I just finished up 18 graduate credits in Library Science and I know I covered Flexible Scheduling in so many of the courses I took this summer, but to me it always seemed like a wish for the distant future. I am starting my 2nd year as the LLC Director of our K-5 school. There wasn't a full time LLC Director for almost 2 years before I got there. Turns out our new Principal (just starting this year) is a strong advocate of making the Library Media Center a hub for the school and wants it bustling with collaborative effort. She doesn't want babysitting and storytime. That said, she made my wish for flexible scheduling come true! I only have 2 or 3 scheduled classes on a weekly basis (and those are only because they needed to facilitate a common grade level planning period, so I said I would take the kids).
Today was our before school faculty meeting (we start tomorrow), and the schedule was handed out. Needless to say, teachers were wondering where "library time" was. Several came up to me asking when the kids would get books. Kindergarten teachers wanted to know how will kids get to learn to use the library. I explained there would be lessons on how to use the library for all students, but not every week at a specific time, and students could check out books whenever needed. I explained that this would help students learn the purpose of the library in collaboration with what they were doing in class.
I want to create either a power point or flyer or email or something that lets teachers know what flexible scheduling is all about and really sell them on the possibilities. Suggestions? Words of wisdom? Moral support?...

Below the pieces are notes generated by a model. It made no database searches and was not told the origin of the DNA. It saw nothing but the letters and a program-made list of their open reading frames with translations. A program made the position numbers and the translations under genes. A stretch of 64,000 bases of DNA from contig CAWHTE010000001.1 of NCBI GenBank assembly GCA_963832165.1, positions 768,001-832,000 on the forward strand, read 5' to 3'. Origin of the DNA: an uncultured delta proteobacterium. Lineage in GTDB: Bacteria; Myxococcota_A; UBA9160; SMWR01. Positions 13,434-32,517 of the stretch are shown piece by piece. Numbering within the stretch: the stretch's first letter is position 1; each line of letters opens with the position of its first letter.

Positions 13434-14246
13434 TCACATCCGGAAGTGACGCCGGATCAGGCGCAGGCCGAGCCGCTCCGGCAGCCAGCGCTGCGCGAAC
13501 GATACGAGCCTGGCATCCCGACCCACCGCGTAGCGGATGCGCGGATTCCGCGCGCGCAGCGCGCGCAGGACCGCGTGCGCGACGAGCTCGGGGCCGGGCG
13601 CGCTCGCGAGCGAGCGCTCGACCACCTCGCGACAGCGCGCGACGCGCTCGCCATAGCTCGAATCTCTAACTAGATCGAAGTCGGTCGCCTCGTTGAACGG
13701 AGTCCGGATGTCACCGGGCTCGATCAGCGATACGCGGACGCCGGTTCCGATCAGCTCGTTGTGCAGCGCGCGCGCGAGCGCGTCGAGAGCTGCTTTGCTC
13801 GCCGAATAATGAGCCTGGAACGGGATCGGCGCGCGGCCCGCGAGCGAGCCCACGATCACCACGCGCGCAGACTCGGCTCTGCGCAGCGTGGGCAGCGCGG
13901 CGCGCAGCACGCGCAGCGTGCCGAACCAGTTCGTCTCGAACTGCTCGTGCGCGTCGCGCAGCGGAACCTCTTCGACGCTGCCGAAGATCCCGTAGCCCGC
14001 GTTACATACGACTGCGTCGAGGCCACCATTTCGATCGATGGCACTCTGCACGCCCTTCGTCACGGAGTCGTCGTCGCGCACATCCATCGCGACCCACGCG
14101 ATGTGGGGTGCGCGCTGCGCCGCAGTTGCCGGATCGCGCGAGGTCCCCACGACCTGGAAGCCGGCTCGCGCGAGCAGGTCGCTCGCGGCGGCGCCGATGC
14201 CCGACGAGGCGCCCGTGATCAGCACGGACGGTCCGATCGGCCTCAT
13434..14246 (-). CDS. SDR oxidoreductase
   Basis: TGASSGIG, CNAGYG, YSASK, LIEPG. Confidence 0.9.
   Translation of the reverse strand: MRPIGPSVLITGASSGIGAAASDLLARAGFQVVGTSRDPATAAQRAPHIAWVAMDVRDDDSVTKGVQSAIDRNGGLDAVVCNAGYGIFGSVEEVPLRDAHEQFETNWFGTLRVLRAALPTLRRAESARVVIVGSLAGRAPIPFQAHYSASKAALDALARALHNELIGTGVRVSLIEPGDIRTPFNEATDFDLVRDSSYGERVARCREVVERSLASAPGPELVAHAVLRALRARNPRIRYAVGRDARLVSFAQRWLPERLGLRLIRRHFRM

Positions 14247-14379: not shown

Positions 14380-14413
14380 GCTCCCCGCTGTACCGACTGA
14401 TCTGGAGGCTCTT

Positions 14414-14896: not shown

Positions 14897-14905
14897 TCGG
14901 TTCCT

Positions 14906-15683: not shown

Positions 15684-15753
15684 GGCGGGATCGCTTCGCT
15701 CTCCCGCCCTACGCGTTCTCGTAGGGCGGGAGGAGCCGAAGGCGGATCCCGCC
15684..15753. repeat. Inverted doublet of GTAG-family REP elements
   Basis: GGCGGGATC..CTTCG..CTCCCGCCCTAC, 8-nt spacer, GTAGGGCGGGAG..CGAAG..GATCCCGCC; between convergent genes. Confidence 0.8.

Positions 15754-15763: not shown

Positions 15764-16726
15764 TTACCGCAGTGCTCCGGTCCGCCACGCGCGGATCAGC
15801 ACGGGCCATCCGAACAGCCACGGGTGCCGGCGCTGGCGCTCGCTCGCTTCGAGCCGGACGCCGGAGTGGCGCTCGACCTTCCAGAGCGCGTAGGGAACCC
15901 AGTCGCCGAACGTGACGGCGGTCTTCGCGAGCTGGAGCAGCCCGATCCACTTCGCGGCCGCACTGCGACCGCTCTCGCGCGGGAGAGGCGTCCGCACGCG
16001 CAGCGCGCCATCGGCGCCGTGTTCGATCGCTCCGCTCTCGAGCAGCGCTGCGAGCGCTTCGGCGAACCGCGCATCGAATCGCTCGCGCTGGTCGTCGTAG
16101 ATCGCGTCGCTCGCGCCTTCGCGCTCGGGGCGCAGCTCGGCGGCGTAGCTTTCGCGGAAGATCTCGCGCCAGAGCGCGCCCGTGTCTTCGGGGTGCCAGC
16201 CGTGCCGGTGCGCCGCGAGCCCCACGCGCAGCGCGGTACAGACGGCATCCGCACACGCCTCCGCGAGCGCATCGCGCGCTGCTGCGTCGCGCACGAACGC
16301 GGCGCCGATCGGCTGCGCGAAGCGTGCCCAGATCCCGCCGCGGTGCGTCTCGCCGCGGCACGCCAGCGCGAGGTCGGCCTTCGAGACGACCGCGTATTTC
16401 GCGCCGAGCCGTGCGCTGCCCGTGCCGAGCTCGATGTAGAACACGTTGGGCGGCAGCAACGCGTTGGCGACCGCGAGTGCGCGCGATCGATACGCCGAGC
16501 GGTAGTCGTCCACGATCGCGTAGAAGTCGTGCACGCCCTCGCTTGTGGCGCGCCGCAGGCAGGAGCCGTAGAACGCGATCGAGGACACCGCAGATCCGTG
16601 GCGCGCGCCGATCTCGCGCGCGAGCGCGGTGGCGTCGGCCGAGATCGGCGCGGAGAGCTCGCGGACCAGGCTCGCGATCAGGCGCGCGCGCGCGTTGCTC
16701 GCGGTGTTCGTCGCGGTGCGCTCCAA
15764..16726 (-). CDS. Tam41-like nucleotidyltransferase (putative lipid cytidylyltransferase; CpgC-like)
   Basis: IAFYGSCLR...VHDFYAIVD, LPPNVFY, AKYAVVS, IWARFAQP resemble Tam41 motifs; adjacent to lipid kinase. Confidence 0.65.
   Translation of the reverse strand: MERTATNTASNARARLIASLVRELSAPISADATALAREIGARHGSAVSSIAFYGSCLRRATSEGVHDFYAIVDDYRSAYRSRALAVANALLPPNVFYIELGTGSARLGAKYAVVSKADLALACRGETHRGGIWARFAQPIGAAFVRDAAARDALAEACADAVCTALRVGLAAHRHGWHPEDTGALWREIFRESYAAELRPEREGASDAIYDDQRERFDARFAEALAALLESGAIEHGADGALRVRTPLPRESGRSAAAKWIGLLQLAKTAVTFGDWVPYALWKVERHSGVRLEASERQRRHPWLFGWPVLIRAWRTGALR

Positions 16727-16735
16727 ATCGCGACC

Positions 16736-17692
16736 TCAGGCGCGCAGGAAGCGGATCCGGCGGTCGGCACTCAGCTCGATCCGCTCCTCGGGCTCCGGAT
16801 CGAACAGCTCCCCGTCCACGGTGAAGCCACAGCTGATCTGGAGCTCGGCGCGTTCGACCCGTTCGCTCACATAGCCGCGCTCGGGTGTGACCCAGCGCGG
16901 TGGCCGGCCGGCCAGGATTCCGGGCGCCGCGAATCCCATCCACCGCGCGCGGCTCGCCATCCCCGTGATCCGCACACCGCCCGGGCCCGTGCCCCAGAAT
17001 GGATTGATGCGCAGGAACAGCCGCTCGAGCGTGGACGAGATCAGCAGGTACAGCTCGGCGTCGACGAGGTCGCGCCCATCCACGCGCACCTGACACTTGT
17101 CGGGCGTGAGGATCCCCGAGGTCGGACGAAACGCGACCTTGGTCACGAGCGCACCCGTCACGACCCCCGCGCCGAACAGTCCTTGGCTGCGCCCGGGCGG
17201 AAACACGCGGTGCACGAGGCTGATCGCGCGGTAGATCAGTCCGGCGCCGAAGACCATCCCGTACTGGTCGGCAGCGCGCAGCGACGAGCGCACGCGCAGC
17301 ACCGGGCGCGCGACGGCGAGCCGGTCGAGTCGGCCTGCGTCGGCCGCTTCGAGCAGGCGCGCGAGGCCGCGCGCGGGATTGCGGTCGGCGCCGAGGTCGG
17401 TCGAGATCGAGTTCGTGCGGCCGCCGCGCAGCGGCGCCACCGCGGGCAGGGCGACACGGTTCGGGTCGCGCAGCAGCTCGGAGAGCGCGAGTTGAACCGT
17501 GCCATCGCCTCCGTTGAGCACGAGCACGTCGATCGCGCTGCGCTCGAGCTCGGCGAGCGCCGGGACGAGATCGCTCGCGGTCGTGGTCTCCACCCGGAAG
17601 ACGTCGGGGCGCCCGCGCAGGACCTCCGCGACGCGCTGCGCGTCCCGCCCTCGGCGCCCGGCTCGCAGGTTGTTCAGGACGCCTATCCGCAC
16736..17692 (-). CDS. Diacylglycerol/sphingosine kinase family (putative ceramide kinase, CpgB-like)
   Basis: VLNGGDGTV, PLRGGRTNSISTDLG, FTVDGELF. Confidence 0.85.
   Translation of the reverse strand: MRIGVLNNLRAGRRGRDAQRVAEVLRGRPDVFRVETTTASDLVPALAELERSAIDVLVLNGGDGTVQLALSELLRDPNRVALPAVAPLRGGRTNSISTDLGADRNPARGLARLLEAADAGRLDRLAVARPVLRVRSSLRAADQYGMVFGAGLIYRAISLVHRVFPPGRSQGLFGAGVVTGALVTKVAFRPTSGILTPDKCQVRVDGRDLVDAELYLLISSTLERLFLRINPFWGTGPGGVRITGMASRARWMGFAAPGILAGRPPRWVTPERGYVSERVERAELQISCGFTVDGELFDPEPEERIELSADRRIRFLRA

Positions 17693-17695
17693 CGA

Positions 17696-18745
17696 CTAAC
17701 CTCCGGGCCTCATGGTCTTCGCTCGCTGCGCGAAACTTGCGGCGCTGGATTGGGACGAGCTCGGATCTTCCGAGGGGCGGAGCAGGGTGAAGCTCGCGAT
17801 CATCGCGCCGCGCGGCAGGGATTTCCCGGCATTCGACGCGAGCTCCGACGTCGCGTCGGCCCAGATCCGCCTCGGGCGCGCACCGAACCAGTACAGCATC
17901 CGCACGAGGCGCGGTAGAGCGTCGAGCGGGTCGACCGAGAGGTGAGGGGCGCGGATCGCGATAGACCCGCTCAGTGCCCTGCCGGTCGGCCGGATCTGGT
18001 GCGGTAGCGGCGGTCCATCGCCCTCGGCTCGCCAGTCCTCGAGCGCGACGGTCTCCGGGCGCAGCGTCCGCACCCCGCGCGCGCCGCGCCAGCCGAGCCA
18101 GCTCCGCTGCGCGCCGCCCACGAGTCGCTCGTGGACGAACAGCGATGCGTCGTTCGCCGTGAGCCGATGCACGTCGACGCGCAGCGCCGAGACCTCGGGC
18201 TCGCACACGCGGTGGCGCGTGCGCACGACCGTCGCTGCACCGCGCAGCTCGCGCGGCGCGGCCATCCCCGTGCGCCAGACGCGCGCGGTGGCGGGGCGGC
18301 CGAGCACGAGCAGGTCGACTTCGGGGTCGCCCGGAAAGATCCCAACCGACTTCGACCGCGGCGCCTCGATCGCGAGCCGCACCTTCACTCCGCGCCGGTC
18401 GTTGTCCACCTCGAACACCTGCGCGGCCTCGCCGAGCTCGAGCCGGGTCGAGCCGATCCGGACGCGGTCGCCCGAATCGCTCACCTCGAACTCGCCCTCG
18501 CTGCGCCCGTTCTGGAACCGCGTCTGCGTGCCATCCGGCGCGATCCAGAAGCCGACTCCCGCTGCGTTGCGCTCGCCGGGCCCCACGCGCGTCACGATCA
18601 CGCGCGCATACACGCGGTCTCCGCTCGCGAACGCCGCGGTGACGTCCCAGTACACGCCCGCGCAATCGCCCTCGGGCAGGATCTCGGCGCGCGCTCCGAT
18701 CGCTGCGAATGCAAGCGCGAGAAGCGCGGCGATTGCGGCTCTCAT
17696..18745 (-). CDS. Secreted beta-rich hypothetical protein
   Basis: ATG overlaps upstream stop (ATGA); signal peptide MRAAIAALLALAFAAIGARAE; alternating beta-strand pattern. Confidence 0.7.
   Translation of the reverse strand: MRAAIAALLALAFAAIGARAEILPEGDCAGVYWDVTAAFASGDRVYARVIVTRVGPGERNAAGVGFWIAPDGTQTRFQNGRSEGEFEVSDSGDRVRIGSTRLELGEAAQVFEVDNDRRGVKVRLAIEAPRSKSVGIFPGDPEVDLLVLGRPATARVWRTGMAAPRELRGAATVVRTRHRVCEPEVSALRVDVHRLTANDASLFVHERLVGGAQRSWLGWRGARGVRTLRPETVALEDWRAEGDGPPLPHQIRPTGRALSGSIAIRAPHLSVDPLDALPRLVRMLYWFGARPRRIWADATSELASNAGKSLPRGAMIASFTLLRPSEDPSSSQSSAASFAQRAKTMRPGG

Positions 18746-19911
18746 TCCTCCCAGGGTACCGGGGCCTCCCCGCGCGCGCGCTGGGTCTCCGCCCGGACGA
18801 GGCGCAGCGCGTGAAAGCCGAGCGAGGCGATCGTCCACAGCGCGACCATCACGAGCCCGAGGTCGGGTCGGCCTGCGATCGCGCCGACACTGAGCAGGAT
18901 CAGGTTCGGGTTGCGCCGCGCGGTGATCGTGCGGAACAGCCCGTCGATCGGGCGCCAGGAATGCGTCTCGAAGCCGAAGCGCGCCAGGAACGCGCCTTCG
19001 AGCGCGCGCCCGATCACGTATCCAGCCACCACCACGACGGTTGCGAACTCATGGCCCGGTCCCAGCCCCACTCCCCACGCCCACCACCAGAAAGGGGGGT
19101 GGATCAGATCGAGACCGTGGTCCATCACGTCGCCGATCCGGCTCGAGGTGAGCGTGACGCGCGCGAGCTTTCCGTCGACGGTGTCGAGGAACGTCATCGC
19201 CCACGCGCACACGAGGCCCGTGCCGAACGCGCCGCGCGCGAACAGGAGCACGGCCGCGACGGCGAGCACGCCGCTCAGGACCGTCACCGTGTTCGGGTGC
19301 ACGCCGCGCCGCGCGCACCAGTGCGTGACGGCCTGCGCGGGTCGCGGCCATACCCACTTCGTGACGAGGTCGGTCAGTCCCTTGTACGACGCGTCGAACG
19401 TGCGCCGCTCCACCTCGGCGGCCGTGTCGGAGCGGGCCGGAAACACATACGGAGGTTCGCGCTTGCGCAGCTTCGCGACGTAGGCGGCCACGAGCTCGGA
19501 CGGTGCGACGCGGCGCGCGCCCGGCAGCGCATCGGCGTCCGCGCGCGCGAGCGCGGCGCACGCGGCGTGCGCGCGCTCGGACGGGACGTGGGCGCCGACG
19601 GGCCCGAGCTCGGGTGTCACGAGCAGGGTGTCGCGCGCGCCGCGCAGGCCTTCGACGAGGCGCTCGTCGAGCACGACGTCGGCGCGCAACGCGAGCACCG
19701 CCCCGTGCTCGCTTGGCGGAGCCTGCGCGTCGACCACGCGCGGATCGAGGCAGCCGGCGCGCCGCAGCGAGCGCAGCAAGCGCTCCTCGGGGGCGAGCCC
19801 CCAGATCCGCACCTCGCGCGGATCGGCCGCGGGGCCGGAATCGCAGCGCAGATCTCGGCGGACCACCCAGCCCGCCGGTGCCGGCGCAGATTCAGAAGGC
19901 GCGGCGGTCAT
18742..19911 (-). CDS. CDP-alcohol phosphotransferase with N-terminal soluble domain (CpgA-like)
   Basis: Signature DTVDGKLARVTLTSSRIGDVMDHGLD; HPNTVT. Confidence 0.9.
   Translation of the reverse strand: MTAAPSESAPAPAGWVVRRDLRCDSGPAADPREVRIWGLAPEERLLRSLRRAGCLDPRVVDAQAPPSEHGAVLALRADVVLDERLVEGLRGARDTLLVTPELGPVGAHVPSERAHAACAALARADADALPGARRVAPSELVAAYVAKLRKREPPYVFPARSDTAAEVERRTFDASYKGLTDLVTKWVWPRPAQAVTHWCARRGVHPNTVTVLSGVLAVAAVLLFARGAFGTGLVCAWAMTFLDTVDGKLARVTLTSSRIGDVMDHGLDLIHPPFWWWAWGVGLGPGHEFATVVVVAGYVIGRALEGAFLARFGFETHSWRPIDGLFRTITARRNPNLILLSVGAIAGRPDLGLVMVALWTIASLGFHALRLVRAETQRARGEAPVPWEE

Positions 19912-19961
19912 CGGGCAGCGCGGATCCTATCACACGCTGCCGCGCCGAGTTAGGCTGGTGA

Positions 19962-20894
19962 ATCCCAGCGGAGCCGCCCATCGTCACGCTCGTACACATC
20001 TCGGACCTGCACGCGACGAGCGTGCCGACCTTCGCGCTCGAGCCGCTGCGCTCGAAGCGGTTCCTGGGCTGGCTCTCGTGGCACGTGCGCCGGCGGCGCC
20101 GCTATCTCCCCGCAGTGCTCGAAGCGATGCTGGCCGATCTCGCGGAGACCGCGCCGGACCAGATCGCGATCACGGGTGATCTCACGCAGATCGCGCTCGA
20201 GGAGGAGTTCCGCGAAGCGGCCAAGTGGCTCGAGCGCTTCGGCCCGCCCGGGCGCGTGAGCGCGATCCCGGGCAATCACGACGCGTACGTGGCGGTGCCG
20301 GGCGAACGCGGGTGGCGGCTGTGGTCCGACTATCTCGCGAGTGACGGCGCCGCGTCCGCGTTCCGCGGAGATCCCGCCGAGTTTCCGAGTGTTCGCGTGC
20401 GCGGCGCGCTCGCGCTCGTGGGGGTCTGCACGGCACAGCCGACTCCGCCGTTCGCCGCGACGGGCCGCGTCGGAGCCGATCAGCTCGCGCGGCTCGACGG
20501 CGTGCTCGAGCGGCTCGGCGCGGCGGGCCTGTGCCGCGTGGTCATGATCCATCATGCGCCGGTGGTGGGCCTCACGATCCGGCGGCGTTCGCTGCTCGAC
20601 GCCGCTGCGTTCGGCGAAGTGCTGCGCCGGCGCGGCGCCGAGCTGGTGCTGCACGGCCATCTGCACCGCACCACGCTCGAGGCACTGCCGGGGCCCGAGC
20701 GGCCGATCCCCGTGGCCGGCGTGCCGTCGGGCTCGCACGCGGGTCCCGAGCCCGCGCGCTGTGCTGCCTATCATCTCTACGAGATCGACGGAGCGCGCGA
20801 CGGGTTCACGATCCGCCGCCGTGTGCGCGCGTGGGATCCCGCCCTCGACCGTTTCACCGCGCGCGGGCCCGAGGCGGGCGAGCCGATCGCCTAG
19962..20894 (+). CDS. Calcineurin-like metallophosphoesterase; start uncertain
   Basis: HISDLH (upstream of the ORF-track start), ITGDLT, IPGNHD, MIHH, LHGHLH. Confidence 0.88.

School Libraries Work (http://listbuilder.scholastic.com/content/stores/LibraryStore/pages...) is another good document to share, so your staff understands that you are following "best practice" and that the data supports that it works. You'll get some staff members who will get right on board, others will need to see it in action to get it. When my school moved to flex scheduling, I started by offering reluctant teachers centers based on classroom content that incorporated information fluency skills, so teachers could see that their students really were welcome anytime to work on relevant skills. With teachers who wanted to collaborate, I dove right in, co-teaching. I let teachers sign up on the library schedule- and it becomes apparent to colleagues how the library is being used.
We have an open book selection policy, so students can come any day of the week, but younger students do benefit from a regular day/routine. Teachers are expected to accompany their classes for a 15-20 minute book selection time block, but I might not be present, if I am co-teaching in a classroom or the lab.